Les Nixon Story ... Page Two
Martha Nixon, soloist in the thirty-two church sponsored city-wide tent crusades in the 1950's in NSW and Queensland .
Where did the OAC fit into all of this?
“The Kingdom of Heaven is like a merchant looking for fine pearls. When he found one of great value he went away and sold everything he had”. (To purchase it). Matt. 13:45
The man who wrote that knew that salvation is worth far more than anything else the world has to offer. That’s how we see “How great a Salvation”, in the Gospel.
I remember around 5 on Tuesday March 13, 1951. A hurried phone call at the factory from Piccadilly Arcade Les Werry’s OAC. Struck me as odd why he called me? They needed an accordion by 6pm? This was strange because there were others closer and better.
I had to borrow my Dad’s ‘27 Pontiac ute’ and fit it in between deliveries. In the rush of things, the wretched thing would not start.
This began mini-disasters that added to the confusion? Smoke gushed from under the dash, and Dad urged, -- ’ find-out-why?’
In the mish-mash of being late, and to avoid a fire it was clear the only way to stop the smoldering dash was to remove the wiring, and in doing so, the hot wires burned into my right fist, and I yelled with pain. But I did stop the fire, and I fell back to review the situation. Now, I was in double trouble.
Soon though, with jerry-rigged wiring, and temporary lights, a bandaged fist and a hurried trip, we delivered the urgent accordion to the beaming Pat Macaulay, who knew nothing of how it got there. She played blissfully while I felt that stinging hand and wondered if I’d ever play again?
But the discomfort was eased when I saw who my accordion was playing for; it was her. I was hearing for the first time the warm music of a Martha Chastain song, and I thought that her Gospel was so heavenly, it was worth any fire or singed hand, or being late. It was like a cool hand on my brow, and a warm fire in my soul. “O, Say but I’m glad!” it was, but gladness was farthest from my mind. But I didn’t want it to go or anything to extinguish it. She was 19 and so was I. So, to cut a long story short, she lit my fires then, and they are still smoldering 62-years later ..... and ever since.
I read Colossians 3:4, then heard a song in my head. It said:
“Find me and I will be found,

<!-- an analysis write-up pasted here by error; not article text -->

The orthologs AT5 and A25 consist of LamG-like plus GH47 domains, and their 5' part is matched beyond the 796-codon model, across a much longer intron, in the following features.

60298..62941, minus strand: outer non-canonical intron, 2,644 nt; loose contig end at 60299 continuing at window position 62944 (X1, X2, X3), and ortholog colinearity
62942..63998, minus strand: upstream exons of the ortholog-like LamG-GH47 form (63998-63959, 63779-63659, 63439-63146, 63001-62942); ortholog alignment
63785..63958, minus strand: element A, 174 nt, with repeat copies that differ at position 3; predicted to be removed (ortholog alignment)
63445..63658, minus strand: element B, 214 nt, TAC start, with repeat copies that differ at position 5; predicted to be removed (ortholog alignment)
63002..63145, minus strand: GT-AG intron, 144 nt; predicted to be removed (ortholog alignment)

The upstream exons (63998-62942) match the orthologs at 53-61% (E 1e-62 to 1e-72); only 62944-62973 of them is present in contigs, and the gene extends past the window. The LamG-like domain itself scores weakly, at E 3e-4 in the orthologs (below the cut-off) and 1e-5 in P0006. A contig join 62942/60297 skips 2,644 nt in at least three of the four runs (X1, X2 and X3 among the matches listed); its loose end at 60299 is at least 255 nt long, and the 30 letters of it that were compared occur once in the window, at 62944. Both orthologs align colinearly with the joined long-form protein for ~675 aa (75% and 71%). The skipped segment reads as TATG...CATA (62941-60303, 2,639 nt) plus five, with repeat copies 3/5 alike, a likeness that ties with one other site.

Seal me and I will be sealed,
Sing to me and I will be sound,
I belong to You,
Do with me what You will.”
Or course, that’s about the Lord—we all know that, but I felt it doing something else.
We know that salvation is worth more than anything else in this world. That’s “How great a salvation” is. It is the pearl without price.
Then, God allowed us to relate on a personal level too, in such a deep way, all of our joys seem to melt together.
A walk in Hyde Park, (the long way back to the hotel)—a Manly Ferry ride, train to Cronulla and back, and always handy with that ever faithful piano-accordion that began it all. In the months that followed, the singed hand was as good as gold but the heart fire has never died. The burning dash has become a life-long symbol....
Then followed an Easter long dusty drive to Albury and back with Jim Duffecy and Dick Hall. Pat and Martha up front, with Les doing the driving! Remember, this is 1951 with nothing but a bouncy Gospel van, a dirt Hume Highway, rabbit and roo plagues, and a dozen others in the back in unbearable heat!
Didn’t matter one bit. Any fire is a good fire after the Pontiac ute’ smoking like that. Then began a two-year hook up by air mail; and a rare and noisy phone call under the roaring ocean.
Those letters took months to find their targets in Iowa and Illinois and Dakota, and the replies seemed to come back pretty quick. We’ve kept some of them from their trips across the Pacific.
One juicy letter remained lost for a whole year, in a bottom drawer at the Campbellsburg farm house. It was the one where I pledged my troth! That long delay seemed to bring doom and failure. But suddenly, things sprung back into action again, and it came clear that this delay was not going to win.
During the 1953 tent meetings in Sydney, Macaulay hinted: ‘Lez ... you better get into Bible College,’ and when Bob Jones appeared later, he opened the door to his University, and good things were set in motion again.
I wrote to ‘the-voice’ and said; ‘I do think that God is doing an unusual work of provision and guidance in our lives that it seems in the goodness of time, we will together find a way to continue the work of the Gospel in some place in this world, perhaps right here in Australia.’ And, that’s exactly how it all turned out....
The cost of the fare across the Pacific on the P&O Oronsay was around Sixty-Five pounds one way. Much more expensive than going to the UK. Immense. I was earning around Ten-Pounds a week, but with a second job, helps from Dad Nixon, gifts from friends, and good photography sales, and a send-off from the OAC volunteers, I set sail out of Sydney for a brand new life of faith on New Year’s Day, January 1, 1954. My hand but not my heart had healed.
That car fire in 1951 began music that has neither stopped or quietened down ever since. Fifty-five years later, in a church service at Tahmoor, a tear ran down Les Werry’s face when Martha dedicated singing ‘Daystar’ to him.
And my burnt right hand did pretty good on the accordion, too.
Click HERE to contact Les